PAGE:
Valentin Stefanovich, a lawyer and council member of the "Viasna" Human Rights Centre (HRC): "Our opinion has not changed: the criminal case was politically motivated from the very beginning. The human rights community insisted and insists on stopping the criminal prosecution of leaders and activists of the independent trade union, who are pressed for their active defence of social and political rights of citizens of Belarus."
Ales Bialiatski, the chairman of the HRC: "The trial of the REP leaders is a huge authorities' mistake… I was hoping that a political decision would be made to stop the case, which is obviously political. But, unfortunately, the mechanism launched last August, has reached the finish line; and trial will start, most probably, in June. Since the case is political, the court's verdict won't be objective, based on facts, but political too. We face here a purely political persecution of leaders of the REP Trade Union, one of the most active and uncompromising independent trade unions in Belarus. Despite the relative political calmness established in Belarus, authorities continue persecuting civil society activists, in this case – trade union leaders."
"What is in common of the "trade union case" and the "Bialiatski's case"?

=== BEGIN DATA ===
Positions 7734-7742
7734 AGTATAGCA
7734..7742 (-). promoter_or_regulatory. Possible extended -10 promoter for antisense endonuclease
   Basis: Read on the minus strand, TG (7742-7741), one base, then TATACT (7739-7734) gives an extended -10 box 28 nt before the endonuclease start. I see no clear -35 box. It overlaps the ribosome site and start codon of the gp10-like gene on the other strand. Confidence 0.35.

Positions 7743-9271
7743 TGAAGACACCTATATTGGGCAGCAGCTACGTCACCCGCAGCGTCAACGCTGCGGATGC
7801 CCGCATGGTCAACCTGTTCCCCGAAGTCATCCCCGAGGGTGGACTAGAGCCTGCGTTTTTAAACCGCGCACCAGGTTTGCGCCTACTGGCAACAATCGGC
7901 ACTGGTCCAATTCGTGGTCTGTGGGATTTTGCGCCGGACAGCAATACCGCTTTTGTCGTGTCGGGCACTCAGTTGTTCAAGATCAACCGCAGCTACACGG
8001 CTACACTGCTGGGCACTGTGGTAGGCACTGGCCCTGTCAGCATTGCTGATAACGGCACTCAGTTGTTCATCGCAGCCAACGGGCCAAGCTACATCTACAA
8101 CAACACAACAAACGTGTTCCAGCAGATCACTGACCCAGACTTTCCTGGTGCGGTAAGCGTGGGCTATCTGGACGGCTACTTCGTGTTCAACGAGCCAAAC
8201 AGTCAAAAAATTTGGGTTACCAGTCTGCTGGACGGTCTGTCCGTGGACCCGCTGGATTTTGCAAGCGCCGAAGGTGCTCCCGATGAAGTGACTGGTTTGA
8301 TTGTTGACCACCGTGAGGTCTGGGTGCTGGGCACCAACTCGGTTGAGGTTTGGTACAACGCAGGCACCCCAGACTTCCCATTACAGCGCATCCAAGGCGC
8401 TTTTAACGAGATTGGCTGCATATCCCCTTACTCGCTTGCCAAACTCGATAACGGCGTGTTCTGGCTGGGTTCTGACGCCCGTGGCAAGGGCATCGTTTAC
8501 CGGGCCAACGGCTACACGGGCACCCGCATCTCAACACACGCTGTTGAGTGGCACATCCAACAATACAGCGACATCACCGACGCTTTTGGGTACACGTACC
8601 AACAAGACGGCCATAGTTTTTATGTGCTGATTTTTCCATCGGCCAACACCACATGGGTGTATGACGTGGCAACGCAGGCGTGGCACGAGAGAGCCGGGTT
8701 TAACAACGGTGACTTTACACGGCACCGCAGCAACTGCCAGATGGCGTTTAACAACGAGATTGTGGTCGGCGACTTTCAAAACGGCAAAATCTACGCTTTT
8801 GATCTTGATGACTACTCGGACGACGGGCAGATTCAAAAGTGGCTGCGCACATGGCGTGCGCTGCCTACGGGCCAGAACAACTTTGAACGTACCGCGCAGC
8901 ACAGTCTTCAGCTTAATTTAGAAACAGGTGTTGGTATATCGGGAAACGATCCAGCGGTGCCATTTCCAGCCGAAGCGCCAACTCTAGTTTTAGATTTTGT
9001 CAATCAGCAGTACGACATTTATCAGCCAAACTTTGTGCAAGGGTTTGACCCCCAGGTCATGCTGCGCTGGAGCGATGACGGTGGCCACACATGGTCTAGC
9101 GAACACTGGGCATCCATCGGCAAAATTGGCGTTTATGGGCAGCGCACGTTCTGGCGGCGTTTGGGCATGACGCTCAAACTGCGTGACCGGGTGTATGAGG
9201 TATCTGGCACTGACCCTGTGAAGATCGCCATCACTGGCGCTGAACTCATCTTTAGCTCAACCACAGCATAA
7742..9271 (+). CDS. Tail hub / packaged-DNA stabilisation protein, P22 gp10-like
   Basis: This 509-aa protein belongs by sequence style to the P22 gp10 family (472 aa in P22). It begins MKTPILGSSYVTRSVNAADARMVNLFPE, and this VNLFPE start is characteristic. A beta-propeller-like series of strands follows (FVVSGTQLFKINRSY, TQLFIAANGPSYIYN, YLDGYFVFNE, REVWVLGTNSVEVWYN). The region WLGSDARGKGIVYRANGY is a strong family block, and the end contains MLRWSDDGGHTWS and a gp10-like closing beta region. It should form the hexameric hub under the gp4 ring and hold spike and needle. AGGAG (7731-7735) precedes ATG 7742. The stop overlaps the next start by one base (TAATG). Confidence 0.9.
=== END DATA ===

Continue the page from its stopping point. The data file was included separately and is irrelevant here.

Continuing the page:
"The trade union's case is very similar to mine: in 2011, I was sentenced to 4.5 years in a high security colony with property confiscation for tax evasion. The union leaders are charged under the same article; therefore, the punishment may be similar – freedom deprivation. We'll do our best to make the international community aware of the shameful trial and prosecution of independent trade unions in Belarus; and we'll urge the community to react accordingly. The persecution of the REP Trade Union is a direct violation of international obligations in the sphere of human rights to which Belarus has committed itself."
"Is it possible to talk about any judicial prospects of the case?"
"The above article provides for a rather broad range of punishments, not necessarily entailing imprisonment. In any case, it's a shame for the authorities who wouldn't want to talk with their opponents, including the rights defenders, but turn the 'dialogue' into criminal prosecution. Unfortunately, it means that there are no major changes in Belarus' internal policy: authorities prefer violence when talking to their opponents."